Have you ever spent any time at all observing what a run of the mill police officer does on a normal day? You should.  Contact a local urban department which has a ride-along program and spend a few days/nights watching it up close.  I think your preconceived notions will suffer.

            I am a warrior for peace. And not a gentle man... Steve Mason, 1940-2005

            by Wayward Wind on Mon Jan 28, 2013 at 06:32:48 AM PST

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            •  o my lord... (0+ / 0-)

              "and I am absolutely certain that you will not be able to find an instance where a police officer, with premeditation and without justification, killed someone and was not prosecuted."

              Howard Fineman needs to have a chat with Chris Cilizza about Grecian Formula and its effects on punditry

              by memofromturner on Mon Jan 28, 2013 at 06:48:59 AM PST

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              •  You are welcome to try to find one (0+ / 0-)

                Just keep in mind the legal definition of murder.

                I am a warrior for peace. And not a gentle man... Steve Mason, 1940-2005

                by Wayward Wind on Mon Jan 28, 2013 at 07:03:05 AM PST

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                •  Amoud Diallo (0+ / 0-)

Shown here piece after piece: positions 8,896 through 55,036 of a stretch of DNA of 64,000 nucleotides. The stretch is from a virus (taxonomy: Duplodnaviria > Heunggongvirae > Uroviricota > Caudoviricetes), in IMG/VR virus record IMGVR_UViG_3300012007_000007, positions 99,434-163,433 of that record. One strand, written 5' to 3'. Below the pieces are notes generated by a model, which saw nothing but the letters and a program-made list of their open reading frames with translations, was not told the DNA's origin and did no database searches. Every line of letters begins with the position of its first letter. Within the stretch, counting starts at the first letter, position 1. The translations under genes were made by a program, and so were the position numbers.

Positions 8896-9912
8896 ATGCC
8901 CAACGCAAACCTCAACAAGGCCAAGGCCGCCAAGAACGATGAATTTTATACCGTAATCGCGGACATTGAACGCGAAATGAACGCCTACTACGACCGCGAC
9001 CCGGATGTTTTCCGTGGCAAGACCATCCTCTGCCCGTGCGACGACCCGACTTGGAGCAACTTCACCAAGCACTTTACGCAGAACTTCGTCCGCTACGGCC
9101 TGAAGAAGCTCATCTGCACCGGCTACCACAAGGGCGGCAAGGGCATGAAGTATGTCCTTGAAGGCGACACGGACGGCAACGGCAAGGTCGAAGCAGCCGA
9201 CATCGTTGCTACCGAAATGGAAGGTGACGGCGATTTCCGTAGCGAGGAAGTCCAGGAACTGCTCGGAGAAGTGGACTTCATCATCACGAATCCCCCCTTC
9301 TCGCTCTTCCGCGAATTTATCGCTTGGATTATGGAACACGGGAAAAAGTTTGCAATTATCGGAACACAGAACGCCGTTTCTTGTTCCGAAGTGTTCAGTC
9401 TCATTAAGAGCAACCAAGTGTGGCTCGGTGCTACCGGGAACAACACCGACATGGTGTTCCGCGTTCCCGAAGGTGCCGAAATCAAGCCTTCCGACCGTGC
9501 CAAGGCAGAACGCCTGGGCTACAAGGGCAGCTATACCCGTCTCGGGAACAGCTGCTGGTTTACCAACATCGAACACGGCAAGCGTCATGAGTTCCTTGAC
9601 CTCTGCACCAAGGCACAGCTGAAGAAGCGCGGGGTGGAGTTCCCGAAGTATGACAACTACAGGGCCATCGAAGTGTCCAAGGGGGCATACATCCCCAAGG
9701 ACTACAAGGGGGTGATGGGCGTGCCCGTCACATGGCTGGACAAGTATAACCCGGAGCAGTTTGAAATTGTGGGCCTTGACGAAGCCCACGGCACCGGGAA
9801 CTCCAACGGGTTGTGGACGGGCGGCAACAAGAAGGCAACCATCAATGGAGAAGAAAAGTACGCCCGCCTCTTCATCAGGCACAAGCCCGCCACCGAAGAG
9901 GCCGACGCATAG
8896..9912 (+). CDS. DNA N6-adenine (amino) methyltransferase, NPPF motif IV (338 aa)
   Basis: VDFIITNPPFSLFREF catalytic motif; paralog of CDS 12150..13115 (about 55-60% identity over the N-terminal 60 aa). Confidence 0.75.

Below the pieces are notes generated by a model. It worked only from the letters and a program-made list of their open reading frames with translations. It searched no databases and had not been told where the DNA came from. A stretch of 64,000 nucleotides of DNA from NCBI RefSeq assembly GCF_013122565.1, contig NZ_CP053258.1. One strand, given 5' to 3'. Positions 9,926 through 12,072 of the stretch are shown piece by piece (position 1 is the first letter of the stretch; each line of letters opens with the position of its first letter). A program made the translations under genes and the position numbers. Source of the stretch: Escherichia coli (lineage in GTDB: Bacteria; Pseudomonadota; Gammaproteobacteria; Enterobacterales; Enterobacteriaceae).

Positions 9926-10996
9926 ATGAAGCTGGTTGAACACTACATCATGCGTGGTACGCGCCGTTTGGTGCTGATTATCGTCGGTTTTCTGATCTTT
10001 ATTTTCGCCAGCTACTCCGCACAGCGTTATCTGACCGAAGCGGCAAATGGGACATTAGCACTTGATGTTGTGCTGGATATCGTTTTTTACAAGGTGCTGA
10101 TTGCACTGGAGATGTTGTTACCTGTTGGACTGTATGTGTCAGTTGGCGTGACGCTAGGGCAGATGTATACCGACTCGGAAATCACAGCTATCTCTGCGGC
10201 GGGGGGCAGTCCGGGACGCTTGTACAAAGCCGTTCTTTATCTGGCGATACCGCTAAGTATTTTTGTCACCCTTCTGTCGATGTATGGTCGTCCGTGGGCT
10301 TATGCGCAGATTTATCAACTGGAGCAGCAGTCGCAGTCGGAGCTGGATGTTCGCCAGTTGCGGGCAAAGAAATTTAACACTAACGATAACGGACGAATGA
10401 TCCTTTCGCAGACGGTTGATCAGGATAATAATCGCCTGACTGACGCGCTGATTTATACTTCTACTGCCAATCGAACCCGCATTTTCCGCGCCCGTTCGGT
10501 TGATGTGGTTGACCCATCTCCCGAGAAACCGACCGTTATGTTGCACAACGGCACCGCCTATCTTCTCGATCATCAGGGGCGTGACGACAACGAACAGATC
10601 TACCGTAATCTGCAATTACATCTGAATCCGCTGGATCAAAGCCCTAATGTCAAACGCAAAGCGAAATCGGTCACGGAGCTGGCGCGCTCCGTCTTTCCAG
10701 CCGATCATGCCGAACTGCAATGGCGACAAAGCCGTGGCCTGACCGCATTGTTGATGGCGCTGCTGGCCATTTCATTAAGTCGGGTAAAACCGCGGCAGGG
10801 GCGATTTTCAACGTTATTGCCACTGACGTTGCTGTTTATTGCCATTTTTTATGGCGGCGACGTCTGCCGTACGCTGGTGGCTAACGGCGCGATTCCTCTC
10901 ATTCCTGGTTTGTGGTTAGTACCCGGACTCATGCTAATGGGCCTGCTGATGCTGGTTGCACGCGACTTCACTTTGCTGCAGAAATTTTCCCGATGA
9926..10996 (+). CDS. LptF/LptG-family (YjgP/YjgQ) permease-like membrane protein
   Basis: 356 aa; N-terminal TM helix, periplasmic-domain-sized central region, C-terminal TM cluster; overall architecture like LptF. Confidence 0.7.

Ramarley Graham

                  4 cops killed Katheryn Johnston in Atlanta in 2005 - one of them went to jail.

                  1 out of hundreds ain't bad.

                  I'm just not a cop ass-kisser.

                  The path of the righteous man is beset on all sides by the inequities of the selfish and the tyranny of evil men.

                  by xxdr zombiexx on Mon Jan 28, 2013 at 08:49:01 AM PST

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                  •  Replies (0+ / 0-)

                    Amadou Diallo - the cops involved were prosecuted, tried, and acquitted by a jury;

                    Kathryn Johnston - three cops plead guilty/were convicted, and 3 of the 4 were sentenced to prison;

                    Ramarley Graham - the cop was indicted on Manslaughter 1 and 2, and as far as I can tell, is awaiting trial.

                    0 out of 3 ain't bad...

                    I am a warrior for peace. And not a gentle man... Steve Mason, 1940-2005

                    by Wayward Wind on Mon Jan 28, 2013 at 09:09:27 AM PST

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                    •  Graham was shot for marijuana. (0+ / 0-)

                      And they managed to arrest and charge his brothers and saddle the blame onto them. Not taking responsibility for NYPD's murderous ways.

                      I am ever so happy that bad cops can sometimes have a smidgen of justice applied to them. But we can't overlook that they get off lighter even when they do finally get tagged with their fucking murderous ways.